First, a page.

First, it's important that you don't use ACTUAL 3-sided dice, and instead are using 6-sided dice to roll the d3's. Second, the actual d6 needs to be a different color, since you'll be treating it as is. The special rules come up when you roll triples on the 6-sided dice (reading all the numbers AS IS, not treating any of them as d3's), or if you roll quads on the d4's and the actual d6 (so you'd obviously not look for quads if you roll a five or six on that die). Here's the triple and quad rules:
If you roll triples of three or under, the result is a 17. Above three is an 18. For quads, a one is a 16, two and three are a 17, and all fours is an 18. Also, you always check for triples and quads first (in that order), since that will always result in a higher score than if you keep 3 and add a flat 3. The order does matter there, since rolling ALL ones should result in a 17 (a triple one), not a 16 (a quad one)
The triple and quad rules have multiple effects. First, they preclude the possibility of rolling a 6, and make rolling an 18 possible (a 4+ triple, or a quad four). Also, they shave off some of the probabilities for rolling a 9 or 12 and use that to bring the 16 and 17 probabilities in line with 4d6 drop 1.

After doing a test with 20 million rolls, the probabilities look like this:
die_probability_graph.png

I also did some tests with actual dice, and the results were pretty good. None of the sets I rolled would have been considered bad or dull, though a couple sets with end up with 2 16's or 17's, which is expected with the somewhat increased chance of a 16 vs 4d6 drop 1. Didn't roll an 18 on any of them, which I didn't expect to as I only rolled 5 sets. The single set with a 17 was also the only time I rolled a triple or quad (a triple 3), so it doesn't happen that often.

EDIT: Another thing you can do is limit the number of triples and quads in a set, like 1 of each or just 1 of either, which I would recommend doing. It opens the possibility of getting a 6 again, but a 6 really isn't worse than a 7.
 
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Horwath

Adventurer
to add to necromancy,

we do point buy 99%, but

we could roll 5d2+5, that gives 10-15 spread with average of 12,5. same as 27 pts most even spread of 12,12,12,13,13,13.

chance for 10 or 15 is 1 in 32, so it would all be well rounded characters with few extreme scores.
 

Xardion

Explorer
Yeah, I played with doing more, smaller dice, but it ended up with really homogenous stats much of the time in any case that involved keeping more than 3 dice.
 

Xardion

Explorer
It works out fine in our group if someone ends up a little more powerful, because none of us are competitive, but we ALL can be a little impulsive, and it helps to have someone who can give a little more grunt when we're all staring down a TPK because we're idiots :p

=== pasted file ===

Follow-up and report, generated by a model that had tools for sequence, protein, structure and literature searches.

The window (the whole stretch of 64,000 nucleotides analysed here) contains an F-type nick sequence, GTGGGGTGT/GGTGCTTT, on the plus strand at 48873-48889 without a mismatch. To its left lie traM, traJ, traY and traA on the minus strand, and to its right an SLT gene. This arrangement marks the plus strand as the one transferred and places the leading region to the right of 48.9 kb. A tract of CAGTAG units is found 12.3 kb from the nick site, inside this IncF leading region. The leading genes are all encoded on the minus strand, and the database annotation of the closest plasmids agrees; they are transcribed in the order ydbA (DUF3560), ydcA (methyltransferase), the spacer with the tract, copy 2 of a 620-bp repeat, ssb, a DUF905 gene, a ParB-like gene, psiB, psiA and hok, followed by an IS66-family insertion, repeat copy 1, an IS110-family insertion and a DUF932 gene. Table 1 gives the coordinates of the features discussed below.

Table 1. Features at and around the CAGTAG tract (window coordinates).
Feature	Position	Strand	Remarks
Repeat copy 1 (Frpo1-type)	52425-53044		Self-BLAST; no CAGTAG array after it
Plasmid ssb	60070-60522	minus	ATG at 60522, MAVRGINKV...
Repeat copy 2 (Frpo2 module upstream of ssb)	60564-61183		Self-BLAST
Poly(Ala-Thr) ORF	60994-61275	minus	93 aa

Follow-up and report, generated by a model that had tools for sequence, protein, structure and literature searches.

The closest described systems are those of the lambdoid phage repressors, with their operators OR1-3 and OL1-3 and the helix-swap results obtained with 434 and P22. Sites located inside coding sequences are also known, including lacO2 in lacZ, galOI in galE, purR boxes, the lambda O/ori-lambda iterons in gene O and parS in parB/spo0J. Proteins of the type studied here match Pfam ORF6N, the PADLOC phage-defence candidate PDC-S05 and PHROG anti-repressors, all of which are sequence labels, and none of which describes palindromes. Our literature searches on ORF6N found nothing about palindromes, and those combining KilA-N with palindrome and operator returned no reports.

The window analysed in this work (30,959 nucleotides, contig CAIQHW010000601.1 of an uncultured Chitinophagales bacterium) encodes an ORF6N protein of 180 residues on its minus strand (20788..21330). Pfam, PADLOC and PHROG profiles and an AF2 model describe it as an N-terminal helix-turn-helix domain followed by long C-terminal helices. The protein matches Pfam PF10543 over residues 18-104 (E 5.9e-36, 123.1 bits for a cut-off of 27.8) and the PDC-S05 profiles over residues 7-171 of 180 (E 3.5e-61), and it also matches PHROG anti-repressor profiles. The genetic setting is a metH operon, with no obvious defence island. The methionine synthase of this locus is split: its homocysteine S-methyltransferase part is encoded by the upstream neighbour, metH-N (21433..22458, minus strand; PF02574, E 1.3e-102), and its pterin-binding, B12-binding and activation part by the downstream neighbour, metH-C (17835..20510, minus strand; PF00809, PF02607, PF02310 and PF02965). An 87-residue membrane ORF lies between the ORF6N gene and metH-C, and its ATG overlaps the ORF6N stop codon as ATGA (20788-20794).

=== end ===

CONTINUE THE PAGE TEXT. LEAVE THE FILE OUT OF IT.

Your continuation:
I really like the Dice Point method which combines the control of Point Buy with the variety of Rolling!

For this method each player gets four dice points to distribute among their ability scores. They can apply no more than three points to any single ability. Afterward they roll for each ability according to the number of points they spent on it:
  • 3 points = 18
  • 2 points = 14 + 1d4
  • 1 point = 8 + 1d4 + 1d6
  • 0 points = 1d4 + 1d6 + 1d8
This allows enough control for players to get the scores they need but also maintains enough randomness to avoid predictable ability score arrays. Plus it completely removes the ability to dump scores—something I really like about it.
 
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Xardion

Explorer
I like the concept of how that works, because it does give you some control over how your stats come out without just flat-out picking them. But, it wouldn't solve my group's problem, which is rolling multiple sets or re-rolling individual scores because you keep rolling garbage. Even if you went with the most evenly spread option, 1 point each for 4 of the stats, and then 0 on the other two, the chances of you ending up with a terrible set of scores is actually still quite high, much more so than even the standard 4d6 method.
 
One thing about the Dice Point system is that it is adjustable. Some groups might use 3 dice points while others might use 5 or even 6. I'd be careful using any more than that because a dice point is a powerful thing.
 

Iry

Adventurer
Everyone rolls 4d6 Drop Lowest six times.
Vote on which set of rolls EVERYONE will use.
Assign those to the attributes of your choice.
 

Xardion

Explorer
Everyone rolls 4d6 Drop Lowest six times.
Vote on which set of rolls EVERYONE will use.
Assign those to the attributes of your choice.
That's essentially what our group has been doing for a while, though we really just check that the ability bonuses are all within a point or two of each other when added up.